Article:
The second intervention trial assessed changes in the metabolomic profile of a group of Chinese type 2 diabetic adults after supplemental fish oil intake. The study was performed by Zheng and colleagues from the Department of Food Science and Nutrition, at Zhejiang University, Hangzhou, China, in collaboration with the Huazhong University of Science and Technology, and the Agricultural University, both in Wuhan, China, and the University of Cambridge, UK. The intervention study was carried out in three geographically different clinical centers in China. Metabolomic analysis was performed on serum samples from 53 participants from one of the participating centers. Participants (age 35-80 years, average age ~70 years) were assigned to one of three study groups that during a period of six months received fish oil (2 gram EPA+DHA in 4 capsules/day; n=20), flaxseed oil (2.5 gram ALA in 4 capsules/day; n=20), or corn oil (4 capsules/day; n=19). A group of healthy controls (n=17) without type 2 diabetes was recruited in parallel.
Untargeted metabolic profiling was carried out by ultra-performance liquid chromatography interfaced with tandem mass spectrometric analysis, as well as by GC-MS analysis of derivatized samples. In total 407 distinct signals were detected, which were matched against a library of > 3300 compounds. Biochemical parameters (lipoprotein-associated cholesterol, triglycerides, glucose levels in serum, and fatty acids in erythrocyte membrane phospholipids) as well as heart rate, blood pressure and body mass index, were measured at the beginning and end of the intervention period. The multisite intervention trial showed that marine omega-3 LCPUFA supplementation did not improve insulin resistance or fasting glucose and insulin levels. However, HbA1c levels decreased significantly over time when compared to the corn oil group, as well as triglycerides and LDL-cholesterol.
In the EPA/DHA-supplemented diabetic individuals, significant changes were measured in the levels of omega-3 PUFA: increased serum levels of the free fatty acid form of EPA, DHA and docosapentaenoic acid (ω-3), as well as EPA esterified to phosphatidylcholine (the most abundant phospholipid type). Much less expected, the only other metabolite with a significantly changed level (a four-fold increase) was 3-carboxy-4-methyl-5-propyl-2-furopropanoate (abbreviated CMPF; Figure 1). This substance is known as a metabolite of furan fatty acids (or F-acids), a specific class of fatty acids that contain a methylated furan moiety. Furan fatty acids are formed by microscopic organisms (microalgae and bacteria) and bio-accumulate in marine organisms such as fish, possibly in a similar fashion to the trophic transport observed with omega-3 LCPUFA. Levels of F-acids in food vary, but can be significant in fish tissues (~0.1-4 g/100 g), and levels of 0.1 g/100g have been reported in fish oil. The furan moiety confers free radical scavenging activity to this type of fatty acids, but any specific biological roles remain largely unknown. Upon fish consumption, furan fatty acids are absorbed into the circulation, then metabolized to CMPF and excreted via urine. Bacteria in the gastrointestinal tract of fish may generate furan fatty acids directly.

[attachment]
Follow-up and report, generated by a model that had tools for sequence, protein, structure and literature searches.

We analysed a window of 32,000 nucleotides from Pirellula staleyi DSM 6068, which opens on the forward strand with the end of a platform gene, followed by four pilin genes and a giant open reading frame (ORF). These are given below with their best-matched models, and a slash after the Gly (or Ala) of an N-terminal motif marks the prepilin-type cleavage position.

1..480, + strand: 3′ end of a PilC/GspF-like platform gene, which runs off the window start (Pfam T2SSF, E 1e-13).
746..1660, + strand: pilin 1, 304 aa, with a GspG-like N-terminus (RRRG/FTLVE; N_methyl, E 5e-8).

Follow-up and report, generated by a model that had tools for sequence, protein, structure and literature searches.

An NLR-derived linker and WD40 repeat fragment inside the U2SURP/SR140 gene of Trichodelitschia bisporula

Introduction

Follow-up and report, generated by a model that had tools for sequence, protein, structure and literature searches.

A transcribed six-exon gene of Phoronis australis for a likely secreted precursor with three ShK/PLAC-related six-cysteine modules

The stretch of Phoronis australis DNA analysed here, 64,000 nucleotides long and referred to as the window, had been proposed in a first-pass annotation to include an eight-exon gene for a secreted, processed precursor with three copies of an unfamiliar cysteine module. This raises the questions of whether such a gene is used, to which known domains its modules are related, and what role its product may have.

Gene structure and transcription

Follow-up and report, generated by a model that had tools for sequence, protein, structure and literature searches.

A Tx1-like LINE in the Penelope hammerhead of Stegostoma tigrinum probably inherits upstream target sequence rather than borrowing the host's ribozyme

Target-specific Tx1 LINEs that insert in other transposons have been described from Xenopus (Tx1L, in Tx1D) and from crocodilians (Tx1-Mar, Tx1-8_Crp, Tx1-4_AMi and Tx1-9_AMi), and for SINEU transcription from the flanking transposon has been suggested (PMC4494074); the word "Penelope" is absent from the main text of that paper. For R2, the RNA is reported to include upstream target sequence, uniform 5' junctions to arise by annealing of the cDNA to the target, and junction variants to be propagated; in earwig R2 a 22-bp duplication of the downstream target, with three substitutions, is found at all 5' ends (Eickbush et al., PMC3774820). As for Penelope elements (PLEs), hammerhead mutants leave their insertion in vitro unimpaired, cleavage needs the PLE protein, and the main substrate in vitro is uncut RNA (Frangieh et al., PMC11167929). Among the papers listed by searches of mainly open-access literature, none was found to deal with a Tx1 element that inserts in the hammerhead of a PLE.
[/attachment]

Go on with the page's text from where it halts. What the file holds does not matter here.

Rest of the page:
Increased CMPF levels (from a measurable background level) suggest that this reflects an increased intake of furan fatty acids from the fish oil supplement that was given, in line with a previous study that documented the absorption of this poorly documented group of dietary antioxidants. Linear correlations were found between the change in serum EPA or DHA and CMPF, and increased serum CMPF was associated with lower triglyceride levels. Further studies need to be carried out to elucidate the origin of CMPF in omega-3 LCPUFA-supplemented diabetic patients, to understand whether dietary furan fatty acids may induce any metabolic changes, and to contrast their effects with those ascribed to straight-chain fatty acids. This is of interest as the average CMPF level was furthermore reported to be higher in the healthy controls than in the diabetic subjects, suggesting that some level of furan fatty acids may be of benefit to metabolic health and/or that a decrease in furan fatty acid degradation to CMPF occurs in diabetic individuals.
Interestingly, in both studies insulin resistance was not improved, and was even worsened, by omega-3 LCPUFA intake. It has been suggested that improvements in insulin sensitivity can be observed only at a high omega-3 index, and that the effect is easily missed in intervention studies if omega-3 levels are still inferior to those required to reach a sufficiently elevated omega-3 index. Glycated hemoglobin levels did decrease in both studies, suggesting that on a background of unchanged glucose levels, the glycation of hemoglobin may be diminished, reflecting a lower propensity of glycation reactions of glucose with proteins, a first step in the formation of AGEs that are involved in vascular damage in diabetes. The results point at the possibility that omega-3 LCPUFA intake may reduce oxidative events involved in vascular tissue damage in the diabetic state. Hyperglycemia-mediated cellular injury involves mitochondrial superoxide anion production, and the transformation of Amadori products into reactive AGEs involves an oxidation step. The results of the American intervention study also suggested that changes in amino acid metabolism do not mediate the triglyceride-lowering effects of fish oil intake, but rather may be associated with a decreased glycation.
The limitations of the studies were the relatively small groups for randomized controlled intervention studies. Nevertheless, for the purpose of discovery, these studies have provided new insights that provide indications for renewed focus on the relevant changes that accompany omega-3 LCPUFA intake in type 2 diabetics. These two studies also indicate that amino acid metabolism may play an important role in carbohydrate metabolism and could be a relevant point of modulation of the insulin resistant state of diabetics. Future intervention studies with higher omega-3 LCPUFA intake levels may provide a clearer picture as to whether insulin resistance is also sensitive to improvement. In addition, furan fatty acids present as minor components in specific foods may have been overlooked to date, and may have a potentially interesting activity in metabolic disorders, therefore are worth exploring in more detail.